If you are paying spousal support to your former spouse and your former spouse starts living with someone of the opposite sex, does that affect your spousal support obligation? The answer is, as with most family law questions, it depends. If you are facing this question and your divorce has been completed, the first and most important place to look to determine what affect cohabitation has on your support obligation, is in your Judgment for Dissolution. If your Dissolution proceeded by way of Stipulated Judgment, support will be terminated or modified as you and your former spouse agreed when you entered into that Stipulated Judgment. Some spouses will agree that spousal support will terminate upon the supported party’s cohabitation with a person of the opposite sex, other parties will agree, for example that spousal support will not be modified at all for any reason for a number of years. It is important to check the terms of your Judgment to determine if and when support may be modified.
If your Judgment is silent on the issue of cohabitation and only states that spousal support will be modified upon further order of the court, or if your divorce is still pending and you have not entered into a final Judgment yet, your former spouse’s cohabitation may result in your support obligation being modified or terminated altogether. Family Code Section 4323 provides that except as otherwise agreed to by the parties in writing, there is a rebuttable presumption, affecting the burden of proof, of decreased need for spousal support if the supported party is cohabiting with a person of the opposite sex. Upon a determination that circumstances have changed, the court may modify or terminate spousal support … The Court presumes the supported party has a reduced need for support because they are, presumably, sharing in expenses, such as rent, utilities, groceries, etc. with the person they are cohabiting with. Keep in mind though, this is a rebuttable presumption, meaning that cohabitation does not automatically modify or terminate support. Various factors could be used to rebut this presumption. For example, if the cohabiting person of the opposite sex were not contributing at all to the rent, utilities, groceries, or other expenses, your former spouse would likely not have any reduced need for support based solely on the fact they are cohabiting.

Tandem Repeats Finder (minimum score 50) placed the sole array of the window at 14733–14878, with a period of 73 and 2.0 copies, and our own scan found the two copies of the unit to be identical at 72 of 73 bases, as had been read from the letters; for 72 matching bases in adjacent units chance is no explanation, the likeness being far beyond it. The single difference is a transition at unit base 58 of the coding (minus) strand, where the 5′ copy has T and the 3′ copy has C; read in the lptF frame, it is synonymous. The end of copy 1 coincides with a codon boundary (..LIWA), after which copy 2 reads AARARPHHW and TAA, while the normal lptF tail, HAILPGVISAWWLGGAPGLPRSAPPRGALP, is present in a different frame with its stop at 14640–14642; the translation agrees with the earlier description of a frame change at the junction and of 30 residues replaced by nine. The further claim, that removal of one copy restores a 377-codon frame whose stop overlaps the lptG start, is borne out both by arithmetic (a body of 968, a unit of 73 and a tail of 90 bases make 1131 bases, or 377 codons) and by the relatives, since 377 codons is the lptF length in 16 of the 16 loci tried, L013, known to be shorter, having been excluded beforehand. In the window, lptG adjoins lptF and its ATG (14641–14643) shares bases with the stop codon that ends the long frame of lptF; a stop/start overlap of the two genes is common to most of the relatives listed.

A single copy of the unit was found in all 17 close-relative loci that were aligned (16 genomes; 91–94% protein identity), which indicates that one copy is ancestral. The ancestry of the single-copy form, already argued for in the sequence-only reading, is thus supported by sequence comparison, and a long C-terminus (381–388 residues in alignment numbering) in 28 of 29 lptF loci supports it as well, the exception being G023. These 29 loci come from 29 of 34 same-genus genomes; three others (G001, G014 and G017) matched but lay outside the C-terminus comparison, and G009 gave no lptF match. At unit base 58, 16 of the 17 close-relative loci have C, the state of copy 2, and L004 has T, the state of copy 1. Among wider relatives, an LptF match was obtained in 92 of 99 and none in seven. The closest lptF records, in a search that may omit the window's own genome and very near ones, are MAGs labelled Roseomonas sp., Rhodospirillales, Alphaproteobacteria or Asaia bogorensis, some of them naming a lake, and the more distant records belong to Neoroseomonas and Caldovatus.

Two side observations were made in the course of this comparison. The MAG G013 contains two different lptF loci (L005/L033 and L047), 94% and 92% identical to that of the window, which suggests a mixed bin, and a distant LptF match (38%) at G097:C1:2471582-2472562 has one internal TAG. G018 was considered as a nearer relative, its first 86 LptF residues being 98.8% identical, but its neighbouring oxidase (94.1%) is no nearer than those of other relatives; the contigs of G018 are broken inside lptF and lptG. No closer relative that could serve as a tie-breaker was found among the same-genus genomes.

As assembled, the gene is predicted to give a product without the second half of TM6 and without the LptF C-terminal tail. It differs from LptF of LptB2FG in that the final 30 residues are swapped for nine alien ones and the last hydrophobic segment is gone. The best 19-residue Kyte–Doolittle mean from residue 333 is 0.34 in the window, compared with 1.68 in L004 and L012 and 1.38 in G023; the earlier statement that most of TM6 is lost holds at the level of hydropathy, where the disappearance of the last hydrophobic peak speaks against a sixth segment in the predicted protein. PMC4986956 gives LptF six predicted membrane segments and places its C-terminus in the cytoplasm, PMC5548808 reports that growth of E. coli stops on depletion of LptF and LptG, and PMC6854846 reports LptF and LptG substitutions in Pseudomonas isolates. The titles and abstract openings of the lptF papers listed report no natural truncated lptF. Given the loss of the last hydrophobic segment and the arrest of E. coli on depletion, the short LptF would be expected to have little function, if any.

Therefore, if you believe the supported spouse in your case is cohabiting, you should discuss this issue with your attorney as it may have a great impact on your obligation to pay support. Conversely, if you are receiving spousal support and you are considering cohabiting with someone of the opposite sex, you should first discuss this decision with a family law attorney as it could potentially result in your support being modified downward or terminated altogether.